A tribute from a high school 'thug'
| NEW YORK
In an age of despair over the state of public education, Mark Edmundson's memoir serves as a testimony to the magic that can occur even in the least inspired of school settings when the right teacher meets a receptive student.
At the moment Mr. Edmundson met teacher Frank Lears, however, neither appeared to be a likely candidate for a tale of academic redemption. In "Teacher" (Random House), Edmundson writes of this meeting:
"When I first encountered Franklin Lears, I was a high school thug. I was a football player, a brawler, who detested all things intellectual. The first time I saw this meager guy with his thick, swinging briefcase, I wanted to spit on the floor. He was absurd, a joke. If you had told me that in eight months I would have decided to live my life in a way that was akin to his, I would have told you that you were crazy."
Yet that's precisely the path Edmundson chose, one that eventually led to a professorship at the University of Virginia in Charlottesville.
"He showed great confidence in the idea that reading books could give a better life to you and the people around you," Edmundson recalls. "We had never met someone who was so open-minded and tolerant and thoughtful and responsive and such a good listener, and it was obvious that this had something to do with the books he had read."
What Edmundson ultimately came to admire most about his teacher was that rather than preaching to the class or nagging his students to read, he simply lived his own example. He demonstrated that books had brought him an unusual measure of freedom and dominion, despite his unimpressive physical appearance.
"It wasn't that books would help you earn money or make you smarter or give you social cachet," Edmundson says, trying to recap the lessons that hit him so hard as a teenager. "It was that you would feel the difference in productivity and energy and humor."
These were not ideas that had ever reached Edmundson as he was growing up in Medford, Mass., a working-class suburb of Boston that he describes as "sad, somnolent." His high school, he felt, valued repetition and form over any actual notion of learning.
But Lears (not his real name) arrived at the school as an outsider with his own way of doing things. He announced that he would teach a philosophy course, and then midway through the course he tossed away the textbook.
It was 1969, and the way Lears proceeded was clearly influenced by the period. He assigned books like Camus's "The Stranger," Hesse's "Siddhartha," and Kesey's "One Flew Over the Cuckoo's Nest." He held classes outdoors or allowed students to sit in unassigned seats in a circle. He invited guest speakers such as members of the radical group Students for a Democratic Society (SDS).
But the rebellious and free-flowing spirit of the 1960s had not yet reached Medford, so these innovations took Lears's students by surprise. What shook them most were the questions he presented in class, and the gentle way he continually challenged the conformist mentality to which most of them subscribed.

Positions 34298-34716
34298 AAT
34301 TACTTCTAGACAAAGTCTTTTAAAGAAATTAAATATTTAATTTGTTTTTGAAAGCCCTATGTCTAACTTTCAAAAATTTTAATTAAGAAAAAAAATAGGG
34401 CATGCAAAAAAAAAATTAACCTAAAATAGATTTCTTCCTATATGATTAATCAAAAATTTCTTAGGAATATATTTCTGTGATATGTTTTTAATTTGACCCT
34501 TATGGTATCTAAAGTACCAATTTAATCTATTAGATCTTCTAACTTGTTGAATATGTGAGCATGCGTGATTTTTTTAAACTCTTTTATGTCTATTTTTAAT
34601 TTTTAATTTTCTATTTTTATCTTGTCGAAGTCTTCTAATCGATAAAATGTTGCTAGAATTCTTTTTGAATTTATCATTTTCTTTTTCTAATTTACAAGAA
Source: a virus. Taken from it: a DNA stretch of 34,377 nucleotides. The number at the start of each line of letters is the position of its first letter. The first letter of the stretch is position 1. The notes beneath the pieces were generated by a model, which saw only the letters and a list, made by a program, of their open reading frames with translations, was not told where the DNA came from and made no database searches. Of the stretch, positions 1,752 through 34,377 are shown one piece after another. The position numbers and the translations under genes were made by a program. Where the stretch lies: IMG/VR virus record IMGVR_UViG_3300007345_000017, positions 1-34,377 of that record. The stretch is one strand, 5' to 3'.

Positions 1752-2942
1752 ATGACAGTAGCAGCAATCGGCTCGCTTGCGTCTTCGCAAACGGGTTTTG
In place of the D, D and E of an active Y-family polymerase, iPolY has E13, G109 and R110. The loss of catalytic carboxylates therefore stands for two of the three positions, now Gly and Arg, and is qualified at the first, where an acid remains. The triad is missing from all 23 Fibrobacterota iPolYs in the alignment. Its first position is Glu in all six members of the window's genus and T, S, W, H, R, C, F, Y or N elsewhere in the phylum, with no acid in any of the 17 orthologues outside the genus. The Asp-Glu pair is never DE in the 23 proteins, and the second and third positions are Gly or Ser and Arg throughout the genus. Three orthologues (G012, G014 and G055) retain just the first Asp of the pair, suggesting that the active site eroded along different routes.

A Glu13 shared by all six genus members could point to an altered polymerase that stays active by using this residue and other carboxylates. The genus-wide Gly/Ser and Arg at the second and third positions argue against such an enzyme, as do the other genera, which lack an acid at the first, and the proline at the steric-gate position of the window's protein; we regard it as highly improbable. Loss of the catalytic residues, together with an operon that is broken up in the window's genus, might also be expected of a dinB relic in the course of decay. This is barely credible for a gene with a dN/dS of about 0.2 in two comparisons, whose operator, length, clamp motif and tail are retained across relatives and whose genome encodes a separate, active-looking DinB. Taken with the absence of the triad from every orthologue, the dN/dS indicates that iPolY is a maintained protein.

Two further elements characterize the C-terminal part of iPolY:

Even the students who didn't do the reading and apparently many didn't were drawn in by the new worldviews presented in class.
Yet the man shaking them up was anything but hip. Lears wore a moth-eaten suit two sizes too large over his hunched shoulders and sported shoes that Edmundson thought of as the "Monitor" and the "Merrimack." He initially appealed to his students as an easy target for torment.
Unlike some touching stories of teachers who transform students' lives, this one did not involve a personal bond. The students knew only that Lears was a fresh graduate of Harvard University in Cambridge which was nearby but a world away.
Ultimately they learned that this would be his only year as a teacher and that he would then leave for law school. Why he taught them, what motivated him, or what he thought or felt about them all remained unknown.
To this day, Edmundson has had no further contact with the teacher who changed his life, although he hopes someday to find him. He says Lears surely knew his course touched Edmundson, but probably could never have guessed that he inspired his former student to begin reading hungrily, to apply to a four-year instead of a two-year college, and to eventually do graduate work in English at Yale University.
As a teacher, Edmundson says he tries to pass Lears's gift on to his students, asking them questions that may shake them but will also cause them to reflect on literature more deeply.
Lears may have fought the conformity he perceived in his students, but Edmundson says that today, breaking the hold of consumerism is the larger challenge. "They've had it slammed into them that they're here to prepare for a lucrative career," he says. He wants his teaching to help them see classes and books as a road to self-knowledge, not just a ticket to a better job.
As for his book, Edmundson can't help thinking of himself as a teen and saying wistfully, "My fondest hope is that a couple of high school kids will read it and say, 'Hey, I could go that route.' "